RNAi-Based Biocontrol of Pests: History
Please note this is an old version of this entry, which may differ significantly from the current revision.

Insects and ectoparasites are causes for major concern throughout the world due to their economic and welfare impacts on livestock agriculture. Current control measures involve chemicals such as acaricides which pose challenges like chemical resistance and longer withholding periods. To enable more sustainable agriculture practices, it is important to develop technologies that combine targeted effectiveness with minimal environmental footprint. RNA interference (RNAi) is a eukaryotic process in which transcript expression is reduced in a sequence-specific manner. This makes it a perfect tool for developing efficient and effective biological control against pests and pathogens. Double-stranded RNA (dsRNA) is the key trigger molecule for inducing RNAi; this concept is widely studied for development of RNA-based biopesticides as an alternative to chemical controls in crop protection for targeting pests and pathogens with accuracy and specificity.

  • RNA interference
  • dsRNA delivery
  • biological control

1. Introduction

Pests and pathogens have threatened primary production since farming began. According to the Food and Agriculture Organization, parasites affect 80% of the world’s livestock population [1][2][3]. In livestock production systems, chemical pesticides such as insecticides are commonly utilised to control and combat pests like insects, because of their low prices, high availability, fast mode of action, and perceived reliability. However, the extreme dependence on the use of these compounds has resulted in ubiquitous, low-level exposure, which is potentially harmful to both human health and ecosystems [4]. Besides risks to human health, widespread and repeated insecticide application can also result in environmental concentration build-up in soils [5]. Furthermore, direct application of these chemical pesticides have other important limitations like, poor specificity, short duration of protection, poor water-solubility, difficulties with site-specific uptake by the targeted pest, and inducing chemical-resistant pathogen strains [4][6]. Some novel applications have been investigated to increase the efficiency of insecticides, such as site-specific spraying and human–robot collaborative sprayer.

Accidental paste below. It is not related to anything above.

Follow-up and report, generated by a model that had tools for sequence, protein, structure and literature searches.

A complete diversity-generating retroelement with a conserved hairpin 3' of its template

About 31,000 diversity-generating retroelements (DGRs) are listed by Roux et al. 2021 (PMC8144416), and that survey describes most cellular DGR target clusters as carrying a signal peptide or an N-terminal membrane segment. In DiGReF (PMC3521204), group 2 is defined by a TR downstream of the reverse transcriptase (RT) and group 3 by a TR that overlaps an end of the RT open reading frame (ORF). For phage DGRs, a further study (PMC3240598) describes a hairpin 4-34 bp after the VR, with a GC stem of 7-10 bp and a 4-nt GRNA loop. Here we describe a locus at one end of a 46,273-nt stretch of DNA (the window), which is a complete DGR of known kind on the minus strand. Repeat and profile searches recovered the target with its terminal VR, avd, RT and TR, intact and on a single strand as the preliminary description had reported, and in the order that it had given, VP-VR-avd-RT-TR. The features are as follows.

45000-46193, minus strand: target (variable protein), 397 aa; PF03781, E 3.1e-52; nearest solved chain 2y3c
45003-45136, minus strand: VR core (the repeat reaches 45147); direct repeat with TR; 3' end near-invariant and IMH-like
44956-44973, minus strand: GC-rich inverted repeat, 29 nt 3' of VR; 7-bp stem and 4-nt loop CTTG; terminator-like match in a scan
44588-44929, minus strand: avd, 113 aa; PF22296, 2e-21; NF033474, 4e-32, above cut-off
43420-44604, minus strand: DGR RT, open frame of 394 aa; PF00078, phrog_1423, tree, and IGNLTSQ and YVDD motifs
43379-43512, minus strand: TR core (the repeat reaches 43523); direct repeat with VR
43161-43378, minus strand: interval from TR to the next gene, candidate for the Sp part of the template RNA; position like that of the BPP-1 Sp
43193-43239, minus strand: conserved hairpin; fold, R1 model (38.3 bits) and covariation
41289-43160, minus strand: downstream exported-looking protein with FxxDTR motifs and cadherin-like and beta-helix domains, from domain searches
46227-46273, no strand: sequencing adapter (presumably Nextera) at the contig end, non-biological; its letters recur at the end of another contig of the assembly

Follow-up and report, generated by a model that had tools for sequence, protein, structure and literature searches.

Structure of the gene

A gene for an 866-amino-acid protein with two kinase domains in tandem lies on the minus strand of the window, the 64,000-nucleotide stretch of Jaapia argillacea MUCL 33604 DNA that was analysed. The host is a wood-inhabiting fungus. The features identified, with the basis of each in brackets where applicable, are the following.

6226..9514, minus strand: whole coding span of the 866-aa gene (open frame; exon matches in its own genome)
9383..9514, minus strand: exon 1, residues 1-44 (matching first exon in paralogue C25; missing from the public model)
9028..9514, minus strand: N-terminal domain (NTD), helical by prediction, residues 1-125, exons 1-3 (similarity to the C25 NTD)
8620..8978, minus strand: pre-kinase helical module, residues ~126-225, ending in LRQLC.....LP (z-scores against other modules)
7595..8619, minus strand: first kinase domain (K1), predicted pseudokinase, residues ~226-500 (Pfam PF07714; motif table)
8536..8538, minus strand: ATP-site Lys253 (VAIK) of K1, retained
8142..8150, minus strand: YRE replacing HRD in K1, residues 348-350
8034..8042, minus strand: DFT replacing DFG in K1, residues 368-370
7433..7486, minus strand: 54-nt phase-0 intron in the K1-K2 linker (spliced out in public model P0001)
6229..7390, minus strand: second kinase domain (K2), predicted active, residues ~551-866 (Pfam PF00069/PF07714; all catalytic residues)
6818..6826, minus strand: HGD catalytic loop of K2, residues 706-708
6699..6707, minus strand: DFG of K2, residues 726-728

RNA interference (RNAi) has emerged as a promising candidate for the development of biological based control strategies, offering excellent target species specificity and sustainability management of pests and pathogens affecting livestock agriculture. Unlike conventional pesticides used to control pests, RNAi based control uses the target pests’ own molecular mechanisms to initiate silencing of essential genes. Ideally, the RNAi approach drives mRNA degradation to block targeted protein production and inhibits pest growth, depending on the developmental stage of the pest and gene of interest targeted. The RNAi mechanism is a conserved, nucleic acid metabolism, which can be initiated by exogenously applied or endogenously expressed double-stranded RNAs (dsRNA) in many species [7][8].

2. RNA-Interference (RNAi)

RNAi is an endogenous, post-transcriptional gene regulation mechanism which has been identified in almost all eukaryotes; from plants, fungi, algae, protozoans, invertebrates, to vertebrates [9][10]. It was first reported by Napoli and Jorgensen in 1990 when they observed endogenous gene co-suppression while studying pigmented petunias [11][12]. In animals, RNAi was first documented in the nematode Caenorhabditis elegans [13][14]. While the intracellular components of RNAi are similar across species, it was initially known as quelling in fungi, and post transcriptional gene silencing in plants [15]. It is a highly conserved mechanism, which is highly sequence specific and selective in its activity [16].